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Working-Class foundations and the ‘inner-inferiority battle’

Sam is a 2017 graduate having read BA Criminology with Sociology. His blog entry reflects on the way in which personal experience and research can sometimes collide. His dissertation is entitled Old Merseyside, New Merseyside: An investigation into the long-term relationship of the Merseyside public and the police, following the Hillsborough Stadium Disaster, 1989.

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This little piece has been inspired by the process of writing a dissertation that, having focused on the Hillsborough Stadium Disaster of 1989, the police, government and the media, inherently highlighted issues of class and punitive attitudes. It is one of completely subjective nature that I can not possibly explain or explore in enough depth here, but it is certainly not a proclamation of superiority of one social class over another.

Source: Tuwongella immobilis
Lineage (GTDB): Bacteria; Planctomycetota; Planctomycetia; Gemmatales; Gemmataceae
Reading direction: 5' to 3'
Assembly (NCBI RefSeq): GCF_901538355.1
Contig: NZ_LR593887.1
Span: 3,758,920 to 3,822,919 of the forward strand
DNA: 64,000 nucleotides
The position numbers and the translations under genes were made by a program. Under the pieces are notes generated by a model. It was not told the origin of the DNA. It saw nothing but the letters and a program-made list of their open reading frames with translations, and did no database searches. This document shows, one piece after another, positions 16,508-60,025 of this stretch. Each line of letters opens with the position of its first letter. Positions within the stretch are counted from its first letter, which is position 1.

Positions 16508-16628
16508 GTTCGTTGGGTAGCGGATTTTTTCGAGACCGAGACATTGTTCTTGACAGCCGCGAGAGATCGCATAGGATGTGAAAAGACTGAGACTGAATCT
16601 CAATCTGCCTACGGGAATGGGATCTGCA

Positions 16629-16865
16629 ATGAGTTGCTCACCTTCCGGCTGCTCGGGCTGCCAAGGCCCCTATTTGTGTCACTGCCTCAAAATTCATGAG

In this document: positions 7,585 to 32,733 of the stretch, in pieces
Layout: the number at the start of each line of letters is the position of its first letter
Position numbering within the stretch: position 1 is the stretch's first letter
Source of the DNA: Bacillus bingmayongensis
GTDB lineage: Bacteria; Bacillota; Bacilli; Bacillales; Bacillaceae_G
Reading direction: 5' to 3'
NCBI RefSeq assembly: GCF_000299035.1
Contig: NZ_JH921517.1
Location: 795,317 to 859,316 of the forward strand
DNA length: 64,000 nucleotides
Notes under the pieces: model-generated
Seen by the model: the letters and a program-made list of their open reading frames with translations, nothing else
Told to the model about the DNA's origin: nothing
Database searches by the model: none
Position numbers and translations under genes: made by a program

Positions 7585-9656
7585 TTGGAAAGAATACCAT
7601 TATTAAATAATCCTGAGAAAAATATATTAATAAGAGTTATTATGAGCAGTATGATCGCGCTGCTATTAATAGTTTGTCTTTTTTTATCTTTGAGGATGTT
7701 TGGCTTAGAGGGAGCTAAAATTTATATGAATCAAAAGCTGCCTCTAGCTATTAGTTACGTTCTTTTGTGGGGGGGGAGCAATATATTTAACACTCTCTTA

The 1980s Conservative Government (namely, Thatcher), football fans, violence and football hooliganism, media and police; all have their links to one another, all have links to the working-class. The Hillsborough Stadium Disaster, prior to, during and even some 28 years later was influenced by all of these. Who Suffered? The working-class. They were victims, offenders, liars and hooligans. In many respects, this was the ultimate fruition of the aforementioned elements, and could now justify further punitive action against socially constructed concepts of working-class, masculine-fuelled disorder by the Government. Step Forward, Professor Phil Scraton.

Mr Hillsborough, Phil Scraton, the working-class boy that redefined the notion of inferiority amongst a typically working-class Merseyside. He sketched new boundaries for the working-class, but not before he himself felt ‘totally estranged’ to be at University and that it was not ‘for the likes of him’ (Scraton, 2017) . This is what I term the inner-battle.